In humans the most remarkable symptom is immediate and excruciating pain. Edema rapidly develops around the wound and gradually spreads throughout the affected limb. Information obtained from case histories and anecdotal evidence indicates that the pain develops into a long-lasting hyperalgesia that persists for days or even months.
Ecology and behaviour
The platypus is nocturnal and semi-aquatic, inhabiting small streams and rivers over an extensive range from the cold highlands of Tasmania and the Australian Alps to the tropical rainforests of coastal Queensland as far north as the base of the Cape York Peninsula. Inland, its distribution is not well known: it is extinct in South Australia (bar an introduced population on Kangaroo Island) and is no longer found in the main part of the Murray-Darling Basin, probably because of the declining water quality brought about by extensive land clearing and irrigation schemes. Along the coastal river systems, its distribution is unpredictable; it appears to be absent from some relatively healthy rivers, and yet maintains a presence in others that are quite degraded (the lower Maribyrnong, for example).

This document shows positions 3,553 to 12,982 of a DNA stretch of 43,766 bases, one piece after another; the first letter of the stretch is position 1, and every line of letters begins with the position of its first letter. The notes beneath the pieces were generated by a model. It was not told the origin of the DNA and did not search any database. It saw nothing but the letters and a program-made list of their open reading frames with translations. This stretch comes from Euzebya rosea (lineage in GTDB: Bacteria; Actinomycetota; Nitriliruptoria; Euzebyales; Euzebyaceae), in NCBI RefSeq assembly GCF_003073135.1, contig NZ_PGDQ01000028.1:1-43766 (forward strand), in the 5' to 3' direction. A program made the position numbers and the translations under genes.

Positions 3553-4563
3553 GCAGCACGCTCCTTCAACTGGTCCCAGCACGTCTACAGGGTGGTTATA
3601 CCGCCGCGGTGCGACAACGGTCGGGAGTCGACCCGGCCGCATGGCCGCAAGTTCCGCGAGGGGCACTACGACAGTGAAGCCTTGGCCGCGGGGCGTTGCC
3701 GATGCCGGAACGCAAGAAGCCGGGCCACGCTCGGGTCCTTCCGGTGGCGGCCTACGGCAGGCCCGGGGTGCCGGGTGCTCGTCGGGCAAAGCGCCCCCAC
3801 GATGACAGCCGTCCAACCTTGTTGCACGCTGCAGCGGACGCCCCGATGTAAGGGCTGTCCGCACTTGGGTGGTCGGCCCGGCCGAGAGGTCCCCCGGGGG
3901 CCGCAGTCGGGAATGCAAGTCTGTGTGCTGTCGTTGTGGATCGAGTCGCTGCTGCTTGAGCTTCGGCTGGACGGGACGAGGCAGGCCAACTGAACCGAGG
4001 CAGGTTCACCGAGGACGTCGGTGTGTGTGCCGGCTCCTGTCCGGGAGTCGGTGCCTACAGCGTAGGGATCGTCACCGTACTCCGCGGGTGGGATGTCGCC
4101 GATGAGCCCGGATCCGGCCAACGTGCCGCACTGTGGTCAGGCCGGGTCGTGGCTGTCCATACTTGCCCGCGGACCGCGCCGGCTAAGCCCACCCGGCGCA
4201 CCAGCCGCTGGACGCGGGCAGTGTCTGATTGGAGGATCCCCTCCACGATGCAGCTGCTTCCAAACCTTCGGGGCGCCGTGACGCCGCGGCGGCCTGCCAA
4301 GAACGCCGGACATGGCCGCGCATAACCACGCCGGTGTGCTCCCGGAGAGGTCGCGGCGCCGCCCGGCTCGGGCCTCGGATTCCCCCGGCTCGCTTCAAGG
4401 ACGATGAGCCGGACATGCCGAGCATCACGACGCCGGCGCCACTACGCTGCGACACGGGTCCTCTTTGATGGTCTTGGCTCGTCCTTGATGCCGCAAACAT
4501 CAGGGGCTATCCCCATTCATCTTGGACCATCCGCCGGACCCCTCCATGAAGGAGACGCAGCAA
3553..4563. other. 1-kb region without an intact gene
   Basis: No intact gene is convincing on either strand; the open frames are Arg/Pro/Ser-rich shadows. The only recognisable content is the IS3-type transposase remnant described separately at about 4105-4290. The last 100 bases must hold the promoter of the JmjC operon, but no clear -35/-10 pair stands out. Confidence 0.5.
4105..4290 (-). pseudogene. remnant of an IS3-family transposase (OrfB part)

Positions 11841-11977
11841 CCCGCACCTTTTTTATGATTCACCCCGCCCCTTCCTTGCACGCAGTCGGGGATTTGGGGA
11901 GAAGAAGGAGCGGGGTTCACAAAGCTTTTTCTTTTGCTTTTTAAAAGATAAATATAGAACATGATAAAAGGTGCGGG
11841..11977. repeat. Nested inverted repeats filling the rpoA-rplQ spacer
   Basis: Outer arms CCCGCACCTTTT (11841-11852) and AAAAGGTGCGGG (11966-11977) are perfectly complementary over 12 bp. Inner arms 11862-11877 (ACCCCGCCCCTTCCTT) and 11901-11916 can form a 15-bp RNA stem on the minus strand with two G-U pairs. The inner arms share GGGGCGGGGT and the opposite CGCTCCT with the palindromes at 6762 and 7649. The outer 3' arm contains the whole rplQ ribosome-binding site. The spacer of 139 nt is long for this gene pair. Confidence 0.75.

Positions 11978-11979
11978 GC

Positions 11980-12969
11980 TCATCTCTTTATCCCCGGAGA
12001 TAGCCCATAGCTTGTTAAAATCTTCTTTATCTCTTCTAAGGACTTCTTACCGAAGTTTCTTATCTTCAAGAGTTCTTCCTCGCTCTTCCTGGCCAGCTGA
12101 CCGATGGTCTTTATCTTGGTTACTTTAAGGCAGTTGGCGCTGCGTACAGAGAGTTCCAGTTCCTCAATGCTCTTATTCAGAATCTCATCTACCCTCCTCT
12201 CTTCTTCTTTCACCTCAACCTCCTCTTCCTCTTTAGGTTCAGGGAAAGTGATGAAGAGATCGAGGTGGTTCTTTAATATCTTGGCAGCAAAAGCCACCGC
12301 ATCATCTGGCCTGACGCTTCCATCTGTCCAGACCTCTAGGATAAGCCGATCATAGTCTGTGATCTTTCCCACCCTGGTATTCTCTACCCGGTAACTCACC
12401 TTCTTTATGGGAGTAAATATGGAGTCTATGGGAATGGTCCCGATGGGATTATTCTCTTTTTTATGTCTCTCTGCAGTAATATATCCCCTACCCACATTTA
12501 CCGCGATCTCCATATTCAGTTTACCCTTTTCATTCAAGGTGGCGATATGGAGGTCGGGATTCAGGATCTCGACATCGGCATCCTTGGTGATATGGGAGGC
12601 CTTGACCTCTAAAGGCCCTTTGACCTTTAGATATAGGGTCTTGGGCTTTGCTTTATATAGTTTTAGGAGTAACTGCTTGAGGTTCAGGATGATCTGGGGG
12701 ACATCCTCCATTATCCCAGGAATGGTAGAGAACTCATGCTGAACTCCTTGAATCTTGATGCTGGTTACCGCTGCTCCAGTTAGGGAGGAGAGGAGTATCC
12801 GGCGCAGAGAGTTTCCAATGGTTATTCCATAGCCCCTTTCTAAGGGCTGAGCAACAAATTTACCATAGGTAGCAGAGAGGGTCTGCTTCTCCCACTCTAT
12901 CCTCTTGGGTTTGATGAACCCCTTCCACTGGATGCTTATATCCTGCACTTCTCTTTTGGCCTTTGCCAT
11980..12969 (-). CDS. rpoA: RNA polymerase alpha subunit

The platypus is an excellent swimmer and spends much of its time in the water. When swimming they are distinguished from other Australian mammals by the absence of visible ears. It keeps its eyes tightly shut when swimming, relying completely on its other senses. All four feet of the platypus are webbed. When it swims, it propels itself by paddling with the front two feet. The tail and hind feet assist in steering but not propulsion.
The platypus is a carnivore. It feeds on worms and insect larvae, freshwater shrimps, and yabbies (freshwater crayfish) that it digs out of the riverbed with its snout or catches while swimming. Its bill is very sensitive, allowing it to hunt its food without using sight. It is one of the few mammals known to have a sense of electroception: it locates its prey in part by detecting their body electricity. Its electroception is the most sensitive of any mammal. This is discussed in more detail below.